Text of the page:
Conclusion: Fisher’s teams were consistently better defensively than Nash’s.

    Fisher net defence differential for 09-10, 10-11 & 11-12 (basically, how much better or worse defensively his teams were with him off the court)
    Even, -1 (meaning his team was one point worse defensively per 100 possessions when he was off the court) & -5
    Nash: +2, -2 & -3
    Conclusion: Both Fisher’s & Nash’s teams were modestly better defensively with them on the court than off the court (Fisher averaging a -2 & Nash a -1)

    Fisher opposing point guard Effective Field Goal Percentage (EFG%) & opposing point guard PER per 48 minutes for 09-10, 10-11 & 11-12
    .516 and 18.7, .501 and 17.7 & .496 and 14.8
    Nash: .469 and 15.6, .480 and 13.7 & .479 and 13.6
    Conclusion: Opposing point guards consistently produced a significantly lower EFG% and PER against Nash than against Fisher. For someone with a reputation for getting roasted by opposing PG’s, Nash’s counterpart’s average PER is surprisingly low (and less than league average). Of course, this would not account, for example, for Nash being a sub-par help defender, for those ocassions where Nash was not put on the opposing PG, etc.

    Nash’s “defensive” numbers this year: 1.08 when he is on the court (worse than when he was on Phoenix last year), +1.4 (meaning his team is 1.4 points per 100 possessions better defensively when he is off the court), .473 EFG% and 15.5 PER (opposing PG)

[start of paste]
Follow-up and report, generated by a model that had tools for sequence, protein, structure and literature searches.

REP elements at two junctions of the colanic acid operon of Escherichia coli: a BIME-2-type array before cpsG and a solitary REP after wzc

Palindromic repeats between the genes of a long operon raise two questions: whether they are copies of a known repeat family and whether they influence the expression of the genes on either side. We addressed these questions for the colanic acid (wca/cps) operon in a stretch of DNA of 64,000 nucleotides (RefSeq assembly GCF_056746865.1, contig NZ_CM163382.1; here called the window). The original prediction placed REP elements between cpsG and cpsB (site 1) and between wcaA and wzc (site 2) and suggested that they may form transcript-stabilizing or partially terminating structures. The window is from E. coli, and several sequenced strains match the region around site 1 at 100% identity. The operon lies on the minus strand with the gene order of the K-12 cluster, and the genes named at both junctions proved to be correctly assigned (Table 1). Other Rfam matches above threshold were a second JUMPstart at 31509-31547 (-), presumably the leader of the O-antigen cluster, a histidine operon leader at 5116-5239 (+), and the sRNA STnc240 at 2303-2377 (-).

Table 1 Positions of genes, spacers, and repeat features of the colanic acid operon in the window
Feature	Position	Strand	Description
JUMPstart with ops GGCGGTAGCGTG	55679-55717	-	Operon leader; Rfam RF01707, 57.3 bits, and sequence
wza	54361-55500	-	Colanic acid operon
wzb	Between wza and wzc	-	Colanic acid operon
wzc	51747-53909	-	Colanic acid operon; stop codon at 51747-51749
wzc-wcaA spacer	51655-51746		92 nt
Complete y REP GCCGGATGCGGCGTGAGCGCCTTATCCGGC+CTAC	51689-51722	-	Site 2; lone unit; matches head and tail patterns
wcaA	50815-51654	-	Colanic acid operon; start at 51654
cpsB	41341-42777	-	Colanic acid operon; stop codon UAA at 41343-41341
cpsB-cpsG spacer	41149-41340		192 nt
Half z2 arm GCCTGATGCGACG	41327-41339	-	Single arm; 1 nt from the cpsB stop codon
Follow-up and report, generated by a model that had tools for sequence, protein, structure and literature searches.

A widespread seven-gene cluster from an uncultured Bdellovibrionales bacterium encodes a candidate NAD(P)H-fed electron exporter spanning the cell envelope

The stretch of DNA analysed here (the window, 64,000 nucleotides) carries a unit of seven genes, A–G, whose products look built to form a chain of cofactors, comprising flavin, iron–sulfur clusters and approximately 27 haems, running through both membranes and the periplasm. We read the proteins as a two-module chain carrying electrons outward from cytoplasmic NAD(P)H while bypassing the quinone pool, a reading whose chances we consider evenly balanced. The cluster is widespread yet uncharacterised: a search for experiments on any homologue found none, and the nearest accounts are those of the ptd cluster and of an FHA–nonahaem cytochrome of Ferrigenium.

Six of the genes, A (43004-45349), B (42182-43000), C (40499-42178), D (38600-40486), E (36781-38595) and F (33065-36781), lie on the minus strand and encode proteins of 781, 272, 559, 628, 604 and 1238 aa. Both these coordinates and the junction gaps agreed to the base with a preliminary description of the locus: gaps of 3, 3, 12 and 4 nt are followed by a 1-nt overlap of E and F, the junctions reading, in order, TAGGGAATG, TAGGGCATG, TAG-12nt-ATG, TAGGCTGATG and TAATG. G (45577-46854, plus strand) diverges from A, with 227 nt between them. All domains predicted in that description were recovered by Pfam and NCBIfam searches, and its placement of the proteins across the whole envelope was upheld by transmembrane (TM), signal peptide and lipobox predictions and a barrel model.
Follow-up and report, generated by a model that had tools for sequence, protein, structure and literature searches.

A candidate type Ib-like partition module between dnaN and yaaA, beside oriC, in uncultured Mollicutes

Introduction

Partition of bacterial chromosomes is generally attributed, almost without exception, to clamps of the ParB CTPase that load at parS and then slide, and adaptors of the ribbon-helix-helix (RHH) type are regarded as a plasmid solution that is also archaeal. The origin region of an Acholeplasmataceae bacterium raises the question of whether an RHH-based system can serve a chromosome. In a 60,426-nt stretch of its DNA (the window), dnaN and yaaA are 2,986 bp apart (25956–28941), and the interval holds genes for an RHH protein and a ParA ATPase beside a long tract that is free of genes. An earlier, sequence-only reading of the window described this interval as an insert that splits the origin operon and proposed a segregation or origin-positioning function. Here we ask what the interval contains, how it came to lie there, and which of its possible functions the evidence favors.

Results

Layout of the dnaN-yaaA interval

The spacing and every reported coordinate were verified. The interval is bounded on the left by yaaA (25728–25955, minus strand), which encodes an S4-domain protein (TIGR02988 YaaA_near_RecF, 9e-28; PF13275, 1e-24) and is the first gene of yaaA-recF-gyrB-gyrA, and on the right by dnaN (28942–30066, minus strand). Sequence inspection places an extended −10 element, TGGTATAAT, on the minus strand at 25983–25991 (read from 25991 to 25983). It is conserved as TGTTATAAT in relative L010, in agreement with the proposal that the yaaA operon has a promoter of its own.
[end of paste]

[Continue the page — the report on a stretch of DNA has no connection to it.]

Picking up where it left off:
Numbers courtesy of

  18. It appears Metta may be done for the season. The thought of Meeks clanking and bad defense scares me. It never ends. Old broken players tend to fall apart.

  19. Robb99,
    My only issue with the numbers from 82games is that they don’t take into account any of the times that the Lakers cross-match defensively and don’t have Nash guard PGs. For a good stretch of games Kobe guarded opposing PG’s and Nash guarded less threatening wing players. And while that practice has come to an end, the Lakers still hide Nash on non-PG, lesser offensive threats when they have the opportunity to do so that Blake, Kobe, or even Clark (as happened last night with Jarrett Jack on several 2nd half possessions) can guard the more threatening PG.

    This isn’t to bury Nash as a defender. He works hard, chases guys around picks pretty well, and is generally a good team defender who understands his responsibility within the team concept. But his limitations on D are real and play out in a variety of ways, from individual struggles to cross matching in ways that aren’t always ideal.

  20. @Vegas: I think all your points are dead-on. Unfortunately, this season with a coach not named Phil Jackson to run consistent offense and no defensive philosophy as well as an excess of old talent sans Dwight, are all revealing the flaws of Kobe Bryant — most characterized by selfishness.